Is Old Lime Plaster Dust Harmful? Exploring the Health Risks


If you live in an older property, you may have noticed dust coming from the walls. This is particularly common in homes with lime plaster walls. Lime plaster is commonly used in older homes, and while it has many benefits, it can also be a source of dust that can harm your health.

When old and crumbly lime plaster is disturbed, it can release dust particles into the air. This dust can contain various potentially harmful dust like silica and lime dust. Silica can cause lung damage and respiratory problems, and lime dust is alkaline in nature, which can cause skin, eye and respiratory irritation.

If you are planning to carry out renovations or repairs in an older property with lime plaster walls, it is important to take the necessary precautions to protect yourself from dust exposure. This may include wearing a mask, using a dust extractor, and ensuring the work area is well-ventilated. It is also important to take care while cleaning up the debris as this, too, will agitate dust.

What is Lime Plaster?

If you own an old house, you may have heard of lime plaster. Lime plaster is a traditional building material used for thousands of years. It is made by mixing sand, water, and lime, usually non-hydraulic lime (also known as slaked lime, high calcium lime, air lime, fat lime or lime putty). It is breathable, meaning moisture can pass through it, unlike denser cement or polymer-based renders and plasters.

Lime plaster is eco-friendly and sustainable. It is a popular choice for restoration projects because it is compatible with older buildings and can help to prevent damp issues. Lime plaster is also a flexible material that can accommodate building movement without cracking. It is a durable material that can last many years if maintained properly.

Old plasters are generally made with lime and sand, adding animal hair to provide extra strength and reduce shrinking and cracking. Sometimes in high-status work, it is gauged with gypsum. Old and even ancient lime plaster often contained horsehair for reinforcement and pozzolan additives to reduce the working time.

Related article: How Many Coats of Lime Plaster is Best?

Hazards of Lime Plaster Dust

Health Hazards

If you are working with old lime plaster, it is important to know the potential health hazards associated with the dust it can produce. Lime plaster dust can contain harmful materials such as silica, lime dust, and even mould spores. Silica dust, in particular, can cause serious lung diseases such as silicosis, lung cancer, and chronic obstructive pulmonary disease (COPD).

Exposure to these hazardous materials can occur through inhalation of the dust or by skin contact. It is important to take precautions to minimize the risk of exposure, such as wearing appropriate personal protective equipment (PPE), including respiratory protection, gloves, and protective clothing. It is also important to ensure that the work area is well-ventilated to minimize the amount of dust in the air.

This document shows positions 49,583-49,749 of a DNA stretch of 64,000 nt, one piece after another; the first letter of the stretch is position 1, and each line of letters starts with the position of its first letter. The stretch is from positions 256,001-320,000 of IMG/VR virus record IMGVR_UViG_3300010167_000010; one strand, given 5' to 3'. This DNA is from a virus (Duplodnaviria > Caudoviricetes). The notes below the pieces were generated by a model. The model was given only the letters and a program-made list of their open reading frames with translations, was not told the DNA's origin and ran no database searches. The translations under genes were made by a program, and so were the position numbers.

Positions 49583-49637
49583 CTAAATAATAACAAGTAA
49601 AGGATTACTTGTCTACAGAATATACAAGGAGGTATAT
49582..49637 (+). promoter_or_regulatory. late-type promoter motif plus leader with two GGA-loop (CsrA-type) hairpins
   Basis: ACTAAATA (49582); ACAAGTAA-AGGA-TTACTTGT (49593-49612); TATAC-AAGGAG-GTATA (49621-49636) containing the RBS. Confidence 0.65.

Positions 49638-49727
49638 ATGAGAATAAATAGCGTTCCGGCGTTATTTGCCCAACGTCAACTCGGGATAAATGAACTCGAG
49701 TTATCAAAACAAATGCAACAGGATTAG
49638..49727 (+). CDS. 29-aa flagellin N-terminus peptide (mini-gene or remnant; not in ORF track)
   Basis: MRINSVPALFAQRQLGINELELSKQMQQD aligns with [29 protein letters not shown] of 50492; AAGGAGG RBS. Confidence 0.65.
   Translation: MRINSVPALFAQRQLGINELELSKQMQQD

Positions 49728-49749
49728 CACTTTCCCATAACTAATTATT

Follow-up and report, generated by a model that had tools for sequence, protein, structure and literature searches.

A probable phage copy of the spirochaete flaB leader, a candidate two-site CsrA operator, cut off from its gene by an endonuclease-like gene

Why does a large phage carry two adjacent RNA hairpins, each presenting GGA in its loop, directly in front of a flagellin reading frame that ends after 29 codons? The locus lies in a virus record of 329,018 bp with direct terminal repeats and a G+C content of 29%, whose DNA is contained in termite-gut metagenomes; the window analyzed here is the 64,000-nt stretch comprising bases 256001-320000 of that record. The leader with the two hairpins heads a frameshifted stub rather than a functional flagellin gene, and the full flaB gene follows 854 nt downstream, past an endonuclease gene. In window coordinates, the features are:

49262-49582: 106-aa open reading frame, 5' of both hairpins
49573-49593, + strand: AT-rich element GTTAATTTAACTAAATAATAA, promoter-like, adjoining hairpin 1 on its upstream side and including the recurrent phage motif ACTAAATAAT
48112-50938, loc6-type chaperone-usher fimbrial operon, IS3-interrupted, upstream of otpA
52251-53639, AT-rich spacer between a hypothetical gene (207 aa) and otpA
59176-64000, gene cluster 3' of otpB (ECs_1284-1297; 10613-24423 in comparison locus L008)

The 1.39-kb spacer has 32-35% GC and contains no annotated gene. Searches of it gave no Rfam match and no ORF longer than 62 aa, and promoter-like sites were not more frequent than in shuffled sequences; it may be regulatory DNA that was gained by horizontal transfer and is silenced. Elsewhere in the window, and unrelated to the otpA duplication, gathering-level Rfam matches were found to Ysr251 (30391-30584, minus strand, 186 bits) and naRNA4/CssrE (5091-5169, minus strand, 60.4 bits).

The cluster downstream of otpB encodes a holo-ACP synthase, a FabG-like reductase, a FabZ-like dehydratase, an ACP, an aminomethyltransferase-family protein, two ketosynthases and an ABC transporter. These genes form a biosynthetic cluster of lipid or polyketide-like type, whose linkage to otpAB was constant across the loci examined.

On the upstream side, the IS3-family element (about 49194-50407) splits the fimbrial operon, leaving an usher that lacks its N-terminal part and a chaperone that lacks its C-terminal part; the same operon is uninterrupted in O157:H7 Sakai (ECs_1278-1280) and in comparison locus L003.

Environmental Hazards

In addition to the potential health hazards associated with lime plaster dust, there are also environmental hazards to consider. Lime plaster is a breathable material, which means that it allows moisture to pass through it. As lime ages over hundreds of years, it may begin to crumble. At this stage, it should be replaced because as the plaster crumbles, it gives off dust.

If you are working with lime plaster, it is important to take steps to minimize the spread of dust. This can include using dust suppression techniques such as wetting down the plaster before working with it, using dust extraction systems, and sealing off the work area to prevent dust from spreading to other parts of the building.

How to Handle Lime Plaster Dust

If you are working on a project involving old lime plaster, taking precautions when handling the dust is important. Lime plaster dust can be harmful if inhaled, so taking steps to protect yourself and those around you is important. Here are some precautions to take and tips for cleaning up lime plaster dust.

Precautions to Take

When working with old lime plaster, wearing protective clothing and equipment is important to avoid inhaling the dust. Here are some precautions to take:

  • Wear a dust mask to protect your lungs
  • Wear safety goggles to protect your eyes
  • Wear gloves to protect your skin
  • Wear a hat to keep the dust out of your hair
  • Wear long sleeves and trousers to cover your skin

Cleaning Up Lime Plaster Dust

After you have finished working with old lime plaster, it is important to clean up the dust to prevent it from spreading and causing harm. Here are some tips for cleaning up lime plaster dust:

  • Wet the dust down with water before cleaning it up to prevent it from becoming airborne
  • Use a vacuum with a HEPA filter to clean up the dust
  • Wipe down surfaces with a damp cloth to remove any remaining dust
  • Dispose of any dust and debris in a sealed container

By taking these precautions and cleaning up the dust properly, you can help protect yourself and those around you from the harmful effects of lime plaster dust.